What the Entrepreneur with an idea needs to Remember

I come across entrepreneurs with ideas often. The enthusiasm and passion they have for their new idea product or service is inspiring and uplifting to see. These situations aren’t start-up companies yet because the ideas are still just that, nothing has been put into motion yet. When things start being put into motion, that’s when a start up company begins.

I notice one problem is that very often an entrepreneur will think they can sell just their idea to an investor. For instance, an idea for a new widget that will solve a specific problem in the medical industry, even if its supported by a poll of doctors who all say it will work, is still just an idea, it’s not tangible. Without even a prototype of the widget any investor would question if the widget could even be produced. If they give the entrepreneur the benefit of the doubt that the widget can be made, the investor will then question the cost the widget can be produced at—no one has any way of knowing for sure because not even a prototype has been produced. An idea can’t get a contract manufacturer to identify anyone who may be able to produce the widget either. There’s plenty more that an idea alone will not get you, but I think I’ve made the point I wanted to make, which is that an entrepreneur must create as much real, tangible evidence as possible that their idea will be successful before presenting it to an investor.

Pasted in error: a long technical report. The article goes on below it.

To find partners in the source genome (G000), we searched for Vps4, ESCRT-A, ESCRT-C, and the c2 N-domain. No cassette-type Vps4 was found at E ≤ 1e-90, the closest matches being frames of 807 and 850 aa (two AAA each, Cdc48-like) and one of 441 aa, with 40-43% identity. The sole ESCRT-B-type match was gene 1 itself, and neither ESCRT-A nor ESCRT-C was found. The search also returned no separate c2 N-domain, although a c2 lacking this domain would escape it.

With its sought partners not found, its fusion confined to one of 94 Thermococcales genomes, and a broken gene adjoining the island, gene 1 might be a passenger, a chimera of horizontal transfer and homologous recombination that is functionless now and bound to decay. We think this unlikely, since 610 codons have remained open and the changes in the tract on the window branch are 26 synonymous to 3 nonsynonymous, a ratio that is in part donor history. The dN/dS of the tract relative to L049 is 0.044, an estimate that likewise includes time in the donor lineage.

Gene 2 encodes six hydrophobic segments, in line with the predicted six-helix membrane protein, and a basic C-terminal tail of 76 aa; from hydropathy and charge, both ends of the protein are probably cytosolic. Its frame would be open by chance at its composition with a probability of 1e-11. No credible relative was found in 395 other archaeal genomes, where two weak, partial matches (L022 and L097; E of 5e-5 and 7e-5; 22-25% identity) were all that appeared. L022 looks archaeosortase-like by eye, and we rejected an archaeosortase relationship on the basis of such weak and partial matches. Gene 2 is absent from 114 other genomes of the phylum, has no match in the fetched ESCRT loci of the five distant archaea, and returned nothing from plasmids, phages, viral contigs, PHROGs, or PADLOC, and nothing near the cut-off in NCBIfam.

The entrepreneur’s objective is to get the maximum investment from their investor for the minimum equity when they do present their idea (which we’ve covered needs significant tangible evidence to back it up). Naturally, if your idea has a lot of holes in it, you’re going to get a really low investment (or no investment at all). Investors will not invest in half-formed ideas. Investors will invest in a solid business plan, investors will invest in a good business model that shows strong management, investors will invest in fully formed ideas supported by tangible evidence of their success, investors will invest if they believe they’re going to make back 5 to 10 times what they invested in your idea in five years.

This is where a part time CFO comes in and is really helpful to the entrepreneur for getting their idea to a place where they can sell it. All the things investors want to see to make your idea look like a good or great investment—the business plan, cash flow forecasts, accurate finances, strategic plans, a strong management team—a CFO is qualified to help you with all of them. A CFO can even help you to find investors and come up with your pitch for when you present your deal to them.

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